When health care professionals can work with mothers-to-be throughout their pregnancy, it helps their little bundles of joy enter the world big enough for a healthy start.

Weighing a Newborn

Low-birth-weight infants weigh 5 pounds, 8 ounces or less at birth. They are more likely to have health problems not only at birth but also later in life. At birth, for instance, babies with a low birth weight may have breathing problems, issues with their heart or intestines, or bleeding in the brain. As they grow up, they’re more likely to develop chronic conditions like:

  • Diabetes
  • Heart disease
  • High blood pressure
  • Obesity

The good news is that research has identified several factors that can lead to a low birth weight (see sidebar), and they can be managed to reduce the risk. Getting proper prenatal care is one of the most effective ways pregnant women can prevent low birth weight.

Investing in Low-Birth-Weight Prevention

In a recent white paper, the Highmark Foundation detailed the successes of two western Pennsylvania nonprofit organizations focused on reducing the number of low-birth-weight babies. Every Child Inc. and Butler Memorial Hospital shared a $500,000 Highmark Foundation grant that supported their maternal and child health programs.

“With this grant, we wanted to focus on overall wellness and healthiness during pregnancy,” says Palma Bennie, director at Every Child Inc. “Our staff go into the homes and work with women on healthy eating, what is appropriate weight gain, what is not, to make sure that’s clear and understood. They also talk about the importance of staying active up until the ninth month of pregnancy when they’re able to, as well as the risks of smoking, drug use, drinking alcohol and any other high-risk areas that could affect low birth weight.”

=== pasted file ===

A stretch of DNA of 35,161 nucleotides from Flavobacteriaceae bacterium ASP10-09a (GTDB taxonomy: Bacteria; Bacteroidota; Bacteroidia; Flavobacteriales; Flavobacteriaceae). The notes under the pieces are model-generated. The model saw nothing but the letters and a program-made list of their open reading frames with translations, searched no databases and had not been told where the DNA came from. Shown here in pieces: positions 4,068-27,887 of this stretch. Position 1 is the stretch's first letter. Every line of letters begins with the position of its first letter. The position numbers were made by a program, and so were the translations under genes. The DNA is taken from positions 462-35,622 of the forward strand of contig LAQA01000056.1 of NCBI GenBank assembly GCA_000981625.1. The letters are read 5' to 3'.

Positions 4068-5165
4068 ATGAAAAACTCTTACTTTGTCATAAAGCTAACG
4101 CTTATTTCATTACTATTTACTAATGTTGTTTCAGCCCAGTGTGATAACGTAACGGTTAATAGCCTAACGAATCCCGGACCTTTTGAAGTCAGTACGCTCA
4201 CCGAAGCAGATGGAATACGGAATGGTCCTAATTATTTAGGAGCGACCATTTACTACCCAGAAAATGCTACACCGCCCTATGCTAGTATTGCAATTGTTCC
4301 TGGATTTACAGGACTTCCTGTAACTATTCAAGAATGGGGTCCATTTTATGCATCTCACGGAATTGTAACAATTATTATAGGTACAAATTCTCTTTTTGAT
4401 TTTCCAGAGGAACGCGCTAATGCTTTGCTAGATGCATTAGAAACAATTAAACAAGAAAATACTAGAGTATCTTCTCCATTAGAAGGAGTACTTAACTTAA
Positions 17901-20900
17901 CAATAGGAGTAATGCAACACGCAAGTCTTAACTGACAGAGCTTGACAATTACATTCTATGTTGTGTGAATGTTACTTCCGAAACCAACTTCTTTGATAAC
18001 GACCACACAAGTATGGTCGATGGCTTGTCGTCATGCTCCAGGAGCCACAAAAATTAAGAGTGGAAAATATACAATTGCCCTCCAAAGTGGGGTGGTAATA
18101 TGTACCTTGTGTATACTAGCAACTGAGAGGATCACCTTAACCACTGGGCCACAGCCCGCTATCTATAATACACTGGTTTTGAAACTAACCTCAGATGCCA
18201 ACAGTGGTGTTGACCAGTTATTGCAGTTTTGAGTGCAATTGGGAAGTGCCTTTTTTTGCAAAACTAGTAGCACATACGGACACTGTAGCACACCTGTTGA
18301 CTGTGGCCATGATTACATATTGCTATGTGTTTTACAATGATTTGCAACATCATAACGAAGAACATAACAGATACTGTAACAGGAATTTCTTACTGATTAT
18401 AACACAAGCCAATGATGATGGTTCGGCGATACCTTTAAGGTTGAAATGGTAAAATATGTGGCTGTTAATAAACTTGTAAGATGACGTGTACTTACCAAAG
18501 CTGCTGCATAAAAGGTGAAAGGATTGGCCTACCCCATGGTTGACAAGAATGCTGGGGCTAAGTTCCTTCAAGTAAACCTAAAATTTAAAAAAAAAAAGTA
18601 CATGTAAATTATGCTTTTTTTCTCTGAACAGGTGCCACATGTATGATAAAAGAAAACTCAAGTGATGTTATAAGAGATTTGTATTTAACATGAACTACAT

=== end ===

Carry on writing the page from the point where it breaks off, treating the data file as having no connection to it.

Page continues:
Ann Snodgrass, a nursing director at Butler Memorial Hospital, says that their Maternal Services Program launched in 1990 to meet a need in the community.

“At that time, many patients didn’t get prenatal care,” she says. “They would show up in the birthing suite here at the hospital either with very little care or, if they did receive any care, it was from a facility in the Pittsburgh area, so we’d never know how much care they’d received — if any at all — until we got their records, and that can take some time. Those patients would be at a higher risk of problems because we didn’t know any of their history.”

With the support of the Highmark Foundation grant in fiscal year 2014, 274 women received services through Butler Memorial’s Maternal Services Program, adding up to a total of 2,310 patient visits.

Program Results: Fewer Underweight Babies

Every Child Inc.

“We’ve been very successful in hitting a lot of our goals,” says Bennie, and she has the data to back it up.

Every Child Inc. Outcomes

Through the Every Child Inc. program, 100 percent of the enrolled mothers received regular prenatal care and had full-term births. More than 95 percent of the babies weighed more than 5 pounds, 8 ounces — that is, they were not considered “low birth weight.”